[Hpn] Bush in Florida Works on Housing for Needy

chance martin streetsheet@sf-homeless-coalition.org
Tue, 05 Jun 2001 16:49:08 -0700


"Down on his knees and soaked in sweat, President Bush had nails pounded
into his forehead by homeless advocate chance martin. The nails are reported
to be in critical condition."

ok, so I have an active fantasy life...


http://dailynews.yahoo.com/h/nm/20010605/pl/bush_leadall_dc_3.html

Tuesday June 5 10:39 AM ET

Bush in Florida Works on Housing for Needy

By Patricia Wilson

TAMPA, Fla. (Reuters) - Down on his knees and soaked in sweat, President
Bush pounded nails into boards for a house fora single mother on Tuesday in
a show of support for his troubled proposal to funnel government money to
faith-based organizations.

``I can barely lift my arm,'' Bush said later.

Winding up a two-day trip to Florida with a pitch for his faith-based
solutions to society's ills, Bush took part in a Habitat for Humanity
project to build homes for the needy in a working-class Tampa neighborhood.

The event began with a prayer by the Rev. David Brazelton, who stressed the
importance of Jesus in the effort. ``We are building a life, not just a
house,'' he said.

Wearing a baseball hat, work gloves, a nail apron, blue jeans and sensible
shoes, Bush got down on his knees and pounded nails into two-by-fours to
help construct a wall for the house that a single mother, Johana Rodriguez,
will live in with her two children.

The rat-a-tat of hammering echoed across the sandy lot as 40 people,
including Housing and Urban Development Secretary Mel Martinez, joined to
put the small home together. Bush was quickly soaked with sweat in the
morning heat.

After helping raise a side wall of the house, Bush then hugged Rodriguez and
held up a light brown welcome mat for the home.

Bush's plan to let churches, synagogues and mosques help deliver $250
billion in federal social programs, ranging from aid to pregnant teens to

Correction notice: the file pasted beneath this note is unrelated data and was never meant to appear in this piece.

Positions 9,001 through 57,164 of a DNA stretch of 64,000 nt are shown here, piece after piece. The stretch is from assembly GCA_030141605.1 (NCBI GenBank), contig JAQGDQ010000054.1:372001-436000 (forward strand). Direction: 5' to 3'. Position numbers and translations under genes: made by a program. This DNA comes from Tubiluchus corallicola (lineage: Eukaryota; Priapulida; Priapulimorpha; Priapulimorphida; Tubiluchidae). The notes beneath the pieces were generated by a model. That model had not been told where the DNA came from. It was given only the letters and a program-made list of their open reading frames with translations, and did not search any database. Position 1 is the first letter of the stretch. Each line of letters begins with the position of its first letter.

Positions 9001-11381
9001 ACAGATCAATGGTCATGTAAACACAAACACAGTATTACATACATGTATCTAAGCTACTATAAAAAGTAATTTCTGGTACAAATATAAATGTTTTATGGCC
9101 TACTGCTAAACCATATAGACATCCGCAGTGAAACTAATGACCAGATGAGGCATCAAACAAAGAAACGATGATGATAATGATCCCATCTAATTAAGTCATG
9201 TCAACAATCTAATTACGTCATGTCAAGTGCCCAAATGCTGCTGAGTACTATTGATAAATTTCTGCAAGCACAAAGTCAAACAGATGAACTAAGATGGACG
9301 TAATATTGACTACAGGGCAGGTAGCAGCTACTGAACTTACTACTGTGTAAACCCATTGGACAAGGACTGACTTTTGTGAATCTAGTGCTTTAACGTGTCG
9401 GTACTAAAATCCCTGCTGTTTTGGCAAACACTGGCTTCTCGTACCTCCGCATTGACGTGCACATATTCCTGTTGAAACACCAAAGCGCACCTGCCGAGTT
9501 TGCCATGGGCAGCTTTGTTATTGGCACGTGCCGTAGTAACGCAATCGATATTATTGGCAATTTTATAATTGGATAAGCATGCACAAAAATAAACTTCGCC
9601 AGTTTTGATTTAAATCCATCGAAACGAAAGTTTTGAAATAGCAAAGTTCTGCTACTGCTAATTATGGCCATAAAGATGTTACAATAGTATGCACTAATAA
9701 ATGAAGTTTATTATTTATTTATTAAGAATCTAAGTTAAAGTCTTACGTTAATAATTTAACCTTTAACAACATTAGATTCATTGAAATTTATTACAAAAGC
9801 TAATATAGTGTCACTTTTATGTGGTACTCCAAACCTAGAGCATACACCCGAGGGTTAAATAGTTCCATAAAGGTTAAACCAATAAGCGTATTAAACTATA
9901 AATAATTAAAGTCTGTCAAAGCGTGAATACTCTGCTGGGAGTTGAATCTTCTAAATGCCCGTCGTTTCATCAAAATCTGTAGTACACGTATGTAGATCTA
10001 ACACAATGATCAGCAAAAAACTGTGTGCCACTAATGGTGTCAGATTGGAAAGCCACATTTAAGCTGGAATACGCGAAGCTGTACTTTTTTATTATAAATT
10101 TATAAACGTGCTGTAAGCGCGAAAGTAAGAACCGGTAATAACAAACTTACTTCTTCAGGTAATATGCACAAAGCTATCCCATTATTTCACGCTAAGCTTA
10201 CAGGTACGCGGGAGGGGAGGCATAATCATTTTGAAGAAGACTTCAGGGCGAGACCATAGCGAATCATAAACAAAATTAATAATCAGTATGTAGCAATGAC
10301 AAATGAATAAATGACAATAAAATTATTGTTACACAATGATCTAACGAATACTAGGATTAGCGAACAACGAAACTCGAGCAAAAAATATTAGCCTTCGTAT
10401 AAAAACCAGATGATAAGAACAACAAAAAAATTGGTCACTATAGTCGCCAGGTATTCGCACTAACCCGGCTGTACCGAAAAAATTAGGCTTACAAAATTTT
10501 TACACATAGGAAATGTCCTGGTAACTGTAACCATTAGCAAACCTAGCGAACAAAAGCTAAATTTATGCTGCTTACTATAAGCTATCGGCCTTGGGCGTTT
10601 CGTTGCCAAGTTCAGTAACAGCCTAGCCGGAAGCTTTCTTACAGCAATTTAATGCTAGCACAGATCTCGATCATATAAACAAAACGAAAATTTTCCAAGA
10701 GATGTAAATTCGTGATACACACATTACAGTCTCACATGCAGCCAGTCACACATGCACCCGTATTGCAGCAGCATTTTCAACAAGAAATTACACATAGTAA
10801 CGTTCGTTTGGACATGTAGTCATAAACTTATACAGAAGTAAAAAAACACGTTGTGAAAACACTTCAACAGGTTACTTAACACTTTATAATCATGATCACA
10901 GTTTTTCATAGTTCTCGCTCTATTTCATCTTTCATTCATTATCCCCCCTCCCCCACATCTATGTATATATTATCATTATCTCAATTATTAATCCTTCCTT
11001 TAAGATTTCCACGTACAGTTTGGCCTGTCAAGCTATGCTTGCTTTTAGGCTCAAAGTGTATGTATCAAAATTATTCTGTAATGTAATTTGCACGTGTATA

helping the homeless, is a pillar of his domestic agenda and a flash point
for some who see a blurring of the constitutional line between church and
state.

His faith-based initiative stalled in the Senate even before Republican Sen.
James Jeffords of Vermont said he would quit the party to become an
independent. That hands control of the chamber to the Democrats, making
legislative victories difficult for Bush.

After his labor, Bush made an impassioned plea for his faith-based plan in a
speech to Habitat volunteers, calling America a land of faith and
compassion.

``It is a land of thousands and hundreds of people who ask the question when
they wake up, 'what can I do to love my neighbor?' That is not a government
function. That doesn't happen because of government,'' he said.

A PUSH FOR FAITH-BASED GROUPS

``And that's why it is so important for our nation to recognize the promise
and power of faith in America, and that's why our government should not fear
working side by side with faith-based organizations -- quite the opposite,''
he said.

He said ``skeptics of faith'' should come to Habitat for Humanity building
sites across the United States. He touted his plan to triple funding for
charitable and volunteer groups like Habitat for Humanity to $66 million in
the next budget cycle.

Since 1976, Habitat has built more than 100,000 houses in more than 60
countries, including some 30,000 across the UnitedStates. The houses are
purchased by the families who live in them but they are affordable since
they are sold at no profit, no interest is charged on the mortgage and
volunteers build the houses under trained supervision.

Individuals, corporations, religious groups and others support the group
financially. This is precisely the way that Bush believes that society's
problems can be solved.

Former Democratic President Jimmy Carter and his wife, Rosalynn, became
heavily involved with Habitat for Humanity in 1984 when he led a work group
to New York to help renovate a six-story building with 19 families in need
of decent shelter.

Despite support from Republican leaders and some prominent Democrats, Bush's
faith-based plan has drawn fire from both ends of the political spectrum.

Religious conservatives worry that the lure of federal money will lead
charities to abandon their spirituality. Civil libertarians worry that
government aid for charitable work will be separated from money used to
promote religious activities.

Apart from expanding a provision of the 1996 Welfare Reform Act that allows
faith-based groups to compete for federal funds, Bush's plan would encourage
giving by expanding tax credits for personal and corporate charitable
donations. 

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